Man of the match.
It’s a split between two forwards: Dylan Napa and Siosiua Taukeiaho.
While Dylan may face some judicial drama this week for a head-high on the delightful Joey Leilua (the dude was falling but that rarely matters these days, especially for someone with priors on his rap sheet) he left it all out on the field to the tune of 18 hit-ups, 183 metres, 19 tackles and two tackle busts.
SST, meanwhile, was forced into 74 minutes of action, a career high so far, and made his typical cannonball impression on the regular for 16 hitups, 153 metres and 32 tackles without a miss. Remember, this dude debuted on the wing for the Warriors. What a signing he was by Peter O’Sullivan, who has proven over and over again he’s a recruitment savant.
The move of Latrell to fullback wasn’t a masterstroke. It was a game overdue.
From the jump he looked simply more comfortable out there in the fullback role than Ferguson showed in two games (including vs St Helens): he was probing and line-running from the back from the first set, his positional play was infinitely better than Ferguson’s and his IQ in the role was a welcome sight for a club missing that fullback nous in the first round.
He busted six tackles, was involved and had effect with each run (13 for 122 metres)… oh, and he did this:
He’s also a natural playmaker as shown when he took the the tap on the 20 metre restart, ran it to the line and threw a no-look pass to put Tupou away for a break.
With this simple shift, the backline finally makes sense. While SKD dominated from the centres last week he’s had some great performances from the wing in recent years and he’s a great exponent of dummy half runs out of his own end. And Ferguson was finally dangerous again. It’s going to take time for all of this to gel into something that leads to wins, but it will happen. Remember, Copley is new to the club as well and with this shift they’ve effectively thrown the offseason plan out the window. That drawing board got a workout this week, as it had to, and this is the best formation for the club.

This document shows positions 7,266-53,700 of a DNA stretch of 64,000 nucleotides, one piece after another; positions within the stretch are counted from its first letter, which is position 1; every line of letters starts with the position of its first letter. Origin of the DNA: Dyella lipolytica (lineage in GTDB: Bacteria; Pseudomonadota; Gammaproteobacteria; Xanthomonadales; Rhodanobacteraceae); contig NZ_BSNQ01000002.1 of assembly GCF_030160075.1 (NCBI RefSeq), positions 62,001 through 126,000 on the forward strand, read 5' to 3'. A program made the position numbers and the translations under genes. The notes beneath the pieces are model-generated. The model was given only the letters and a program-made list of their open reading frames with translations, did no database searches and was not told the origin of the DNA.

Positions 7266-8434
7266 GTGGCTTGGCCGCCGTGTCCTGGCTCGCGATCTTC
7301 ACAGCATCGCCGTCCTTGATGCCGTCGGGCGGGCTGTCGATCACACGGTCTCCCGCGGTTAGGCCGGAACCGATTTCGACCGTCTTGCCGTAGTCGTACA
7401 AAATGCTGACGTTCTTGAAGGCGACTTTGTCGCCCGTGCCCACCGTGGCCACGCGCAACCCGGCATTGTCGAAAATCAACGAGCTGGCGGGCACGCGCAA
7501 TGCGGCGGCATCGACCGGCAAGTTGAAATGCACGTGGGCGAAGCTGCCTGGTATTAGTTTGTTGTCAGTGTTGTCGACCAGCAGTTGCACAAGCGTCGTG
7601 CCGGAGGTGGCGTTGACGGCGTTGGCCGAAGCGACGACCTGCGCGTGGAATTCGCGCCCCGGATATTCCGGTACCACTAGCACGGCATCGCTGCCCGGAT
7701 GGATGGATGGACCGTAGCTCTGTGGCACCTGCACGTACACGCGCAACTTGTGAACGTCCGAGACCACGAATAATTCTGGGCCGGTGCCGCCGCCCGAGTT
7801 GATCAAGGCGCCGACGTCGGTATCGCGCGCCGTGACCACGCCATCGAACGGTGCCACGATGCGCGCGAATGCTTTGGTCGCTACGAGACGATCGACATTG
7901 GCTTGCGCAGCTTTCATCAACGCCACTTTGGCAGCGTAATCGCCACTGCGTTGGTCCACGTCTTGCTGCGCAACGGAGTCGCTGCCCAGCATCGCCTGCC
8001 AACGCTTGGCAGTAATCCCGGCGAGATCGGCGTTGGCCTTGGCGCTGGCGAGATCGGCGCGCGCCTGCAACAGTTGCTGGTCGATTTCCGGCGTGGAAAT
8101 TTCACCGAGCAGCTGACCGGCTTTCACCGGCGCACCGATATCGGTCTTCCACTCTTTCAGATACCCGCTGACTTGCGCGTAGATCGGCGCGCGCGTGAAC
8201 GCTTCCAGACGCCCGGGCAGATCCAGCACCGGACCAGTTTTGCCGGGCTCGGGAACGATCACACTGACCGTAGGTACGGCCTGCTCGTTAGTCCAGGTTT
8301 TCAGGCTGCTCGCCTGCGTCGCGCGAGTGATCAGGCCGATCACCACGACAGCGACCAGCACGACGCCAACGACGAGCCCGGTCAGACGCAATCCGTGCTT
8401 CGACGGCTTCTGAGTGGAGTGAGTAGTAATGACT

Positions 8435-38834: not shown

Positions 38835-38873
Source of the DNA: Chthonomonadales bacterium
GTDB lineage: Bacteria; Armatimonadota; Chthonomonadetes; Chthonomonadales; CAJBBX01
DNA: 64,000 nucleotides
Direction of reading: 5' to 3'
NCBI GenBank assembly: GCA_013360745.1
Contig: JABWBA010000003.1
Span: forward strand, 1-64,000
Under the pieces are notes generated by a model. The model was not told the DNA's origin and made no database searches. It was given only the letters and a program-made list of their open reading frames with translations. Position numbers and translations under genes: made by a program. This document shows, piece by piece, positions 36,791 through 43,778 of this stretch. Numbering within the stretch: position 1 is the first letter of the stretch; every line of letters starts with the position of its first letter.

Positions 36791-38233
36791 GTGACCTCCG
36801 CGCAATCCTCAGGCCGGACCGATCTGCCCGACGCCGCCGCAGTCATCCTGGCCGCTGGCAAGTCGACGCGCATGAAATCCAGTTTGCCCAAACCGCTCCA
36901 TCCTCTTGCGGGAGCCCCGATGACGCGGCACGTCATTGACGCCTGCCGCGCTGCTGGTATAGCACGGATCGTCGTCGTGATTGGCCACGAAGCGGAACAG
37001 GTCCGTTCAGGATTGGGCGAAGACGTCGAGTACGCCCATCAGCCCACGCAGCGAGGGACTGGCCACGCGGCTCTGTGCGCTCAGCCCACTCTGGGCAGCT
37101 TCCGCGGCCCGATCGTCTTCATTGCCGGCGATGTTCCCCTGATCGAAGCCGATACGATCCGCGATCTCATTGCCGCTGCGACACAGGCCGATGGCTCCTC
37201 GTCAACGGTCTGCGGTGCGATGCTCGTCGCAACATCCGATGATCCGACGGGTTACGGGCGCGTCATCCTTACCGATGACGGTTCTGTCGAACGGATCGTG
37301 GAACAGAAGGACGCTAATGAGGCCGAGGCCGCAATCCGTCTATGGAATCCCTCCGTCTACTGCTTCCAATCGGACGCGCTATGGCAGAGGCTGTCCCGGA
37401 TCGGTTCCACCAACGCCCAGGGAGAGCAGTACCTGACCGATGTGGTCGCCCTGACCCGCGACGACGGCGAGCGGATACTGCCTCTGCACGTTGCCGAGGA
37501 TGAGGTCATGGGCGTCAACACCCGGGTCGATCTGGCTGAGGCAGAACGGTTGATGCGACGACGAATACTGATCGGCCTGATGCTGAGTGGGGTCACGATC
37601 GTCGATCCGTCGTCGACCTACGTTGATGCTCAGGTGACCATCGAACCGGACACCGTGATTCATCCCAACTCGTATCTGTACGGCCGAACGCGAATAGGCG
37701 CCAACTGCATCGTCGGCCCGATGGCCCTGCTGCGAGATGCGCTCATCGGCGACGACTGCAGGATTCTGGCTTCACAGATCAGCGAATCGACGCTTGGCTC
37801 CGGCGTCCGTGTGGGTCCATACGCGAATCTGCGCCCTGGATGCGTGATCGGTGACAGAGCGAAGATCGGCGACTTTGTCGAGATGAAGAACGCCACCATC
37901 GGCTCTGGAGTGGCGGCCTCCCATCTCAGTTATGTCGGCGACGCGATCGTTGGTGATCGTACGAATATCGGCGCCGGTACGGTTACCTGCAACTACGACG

It will just require patience, and experience.
The defence and a predictable break in the wall.
Throughout the game, whenever the Raiders had the ball, I leaned over to a mate and said on more than one occasion “watch this: they’re setting up an attack to aim at Nikorima”. It’s something we alluded to in the Match Preview, that the Raiders would target that edge with Josh Hodgson throwing short balls to their big boppas after Niko missed six tackles on debut, and true enough that’s exactly what they did. To wit, here’s Papalii’s second try:
The Roosters need to sort their shit out on that edge STAT because, until Pearce comes back, Nikorima is going to continue to be a target, and the Roosters’ coaching staff needs to align him with stronger defenders than they did against Canberra. Teams are going to keep aiming missiles his way, and he needs someone alongside him that is a stronger defender than SKD.
You’d almost consider shifting Aubusson to the right in defence (no misses on Saturday).
The flat attack on the line needs to go, for now.
It’s becoming clear that the flat attack is being coached at the club, and when we have Mitchell Pearce that tactic is OK: he’s a great exponent of the late pass just before hitting the line and throws them accurately.